4 Things Christians Should Stop Posting on Social Media (Part 2)

Last week I posed this question: If all that non-Christians know of Christianity is what they see from Christians on social media, then what is their understanding of our faith?

Sometimes I’m surprised at what Christians post on their social media pages. Here are some types of posts that Christians should avoid sharing.

We then looked at the first of four types of posts that I think Christians should avoid posting on social media. Let’s examine the remaining types of posts today.

Things Christians shouldn’t share on social media

 1. Posts that ask others to type “amen,” like, or share

Click here to read last week’s post where I shared my thoughts on these.

2. Posts that are complaints or rants

Social media is a hotbed for complaining and ranting. Perhaps it is because we know we will receive attention from others or because we feel emboldened by the fact that we don’t have to look others in the eye when we share. Whatever the reason, complaints and rants are commonplace.

The Bible is clear that this is not how Christians are to communicate. We are not supposed to grumble and complain (Philippians 2:14, James 5:9, 1 Peter 4:9), but are supposed to be thankful in all circumstances (1 Thessalonians 5:18). I know it is frustrating when we receive bad customer service, when our cars have mechanical troubles, or when the kids are fussing, but we need to go to the Lord with these challenges, not post our frustrations for the world to see.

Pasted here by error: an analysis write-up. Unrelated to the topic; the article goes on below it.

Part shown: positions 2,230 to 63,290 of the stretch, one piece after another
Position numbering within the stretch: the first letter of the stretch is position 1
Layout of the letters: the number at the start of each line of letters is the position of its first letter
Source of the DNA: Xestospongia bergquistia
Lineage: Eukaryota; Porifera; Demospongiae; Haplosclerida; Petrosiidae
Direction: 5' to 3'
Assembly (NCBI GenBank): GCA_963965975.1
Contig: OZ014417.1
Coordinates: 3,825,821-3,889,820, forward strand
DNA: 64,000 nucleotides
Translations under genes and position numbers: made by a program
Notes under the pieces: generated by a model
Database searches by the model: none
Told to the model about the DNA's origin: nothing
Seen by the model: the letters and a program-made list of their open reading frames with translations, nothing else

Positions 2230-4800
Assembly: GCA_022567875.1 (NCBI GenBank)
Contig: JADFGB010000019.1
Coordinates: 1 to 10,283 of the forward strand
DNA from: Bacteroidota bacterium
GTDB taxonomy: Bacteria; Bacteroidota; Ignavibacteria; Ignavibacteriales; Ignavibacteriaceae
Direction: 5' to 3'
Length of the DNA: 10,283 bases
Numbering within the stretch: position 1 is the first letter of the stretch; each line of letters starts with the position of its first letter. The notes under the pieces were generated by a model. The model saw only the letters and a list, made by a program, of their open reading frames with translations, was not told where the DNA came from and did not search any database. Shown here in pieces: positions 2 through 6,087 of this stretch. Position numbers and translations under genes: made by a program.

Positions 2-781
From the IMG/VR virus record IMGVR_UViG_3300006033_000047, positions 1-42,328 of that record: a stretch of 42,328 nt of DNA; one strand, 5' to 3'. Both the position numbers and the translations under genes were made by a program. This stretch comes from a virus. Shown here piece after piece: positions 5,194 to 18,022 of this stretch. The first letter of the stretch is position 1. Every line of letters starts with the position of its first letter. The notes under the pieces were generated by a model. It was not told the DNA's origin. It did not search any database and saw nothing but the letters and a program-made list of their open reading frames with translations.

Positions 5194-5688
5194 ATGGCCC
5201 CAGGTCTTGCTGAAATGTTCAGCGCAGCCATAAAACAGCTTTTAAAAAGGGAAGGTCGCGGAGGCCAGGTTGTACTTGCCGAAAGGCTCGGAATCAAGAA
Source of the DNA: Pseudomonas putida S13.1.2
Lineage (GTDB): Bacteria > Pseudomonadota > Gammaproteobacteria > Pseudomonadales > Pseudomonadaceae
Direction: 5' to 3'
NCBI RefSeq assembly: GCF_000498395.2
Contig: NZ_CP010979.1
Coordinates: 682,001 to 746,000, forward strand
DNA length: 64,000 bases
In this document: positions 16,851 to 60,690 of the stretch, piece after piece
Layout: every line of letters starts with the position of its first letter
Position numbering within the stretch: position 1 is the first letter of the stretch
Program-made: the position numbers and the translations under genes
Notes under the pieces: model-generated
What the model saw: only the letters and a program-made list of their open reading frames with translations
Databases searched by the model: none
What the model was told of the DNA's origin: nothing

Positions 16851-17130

By the way, this doesn’t just apply to social media! We shouldn’t be complaining or going on rants in our face-to-face communications either.

3. Posts that contain gossip, urban legends, or rumors

There are many false accounts that routinely make their rounds on social media. Even though they aren’t factual, somehow social media users can’t resist hitting the share button! Examples range from the rumor that you have to post certain text as your Facebook status in order to protect your privacy and intellectual property rights to “news” stories about how onions are germ magnets and shouldn’t be stored once cut.

It’s important that we avoid spreading gossip, urban legends, and rumors because the Bible teaches us that we shouldn’t spread false reports or speak deceit (Exodus 23:1, Psalm 34:13). Thankfully, it’s relatively easy to avoid spreading misinformation on social media. We simply have to check sources and exercise common sense.

If you see an interesting news story, make sure it was published by a reputable news agency before sharing it. If you see a fascinating health tip, check to see who is sharing the information before pinning it. If you read a juicy tidbit about a celebrity or politician that seems too sensational to be true, then it probably isn’t true! Be skeptical of the things you read online and don’t share them if you are not confident they are true.

4. Posts that belittle or rebuke non-Christians and their perspectives

Sometimes we take upon ourselves the task of convicting non-Christians of their sins. However, this is not our role—it’s the role of the Holy Spirit (John 16:8). Moreover, it’s not even our place to judge those outside of the faith (1 Corinthians 5:9-13). This means that we shouldn’t use social media as a platform to rebuke non-Christians for their mistakes.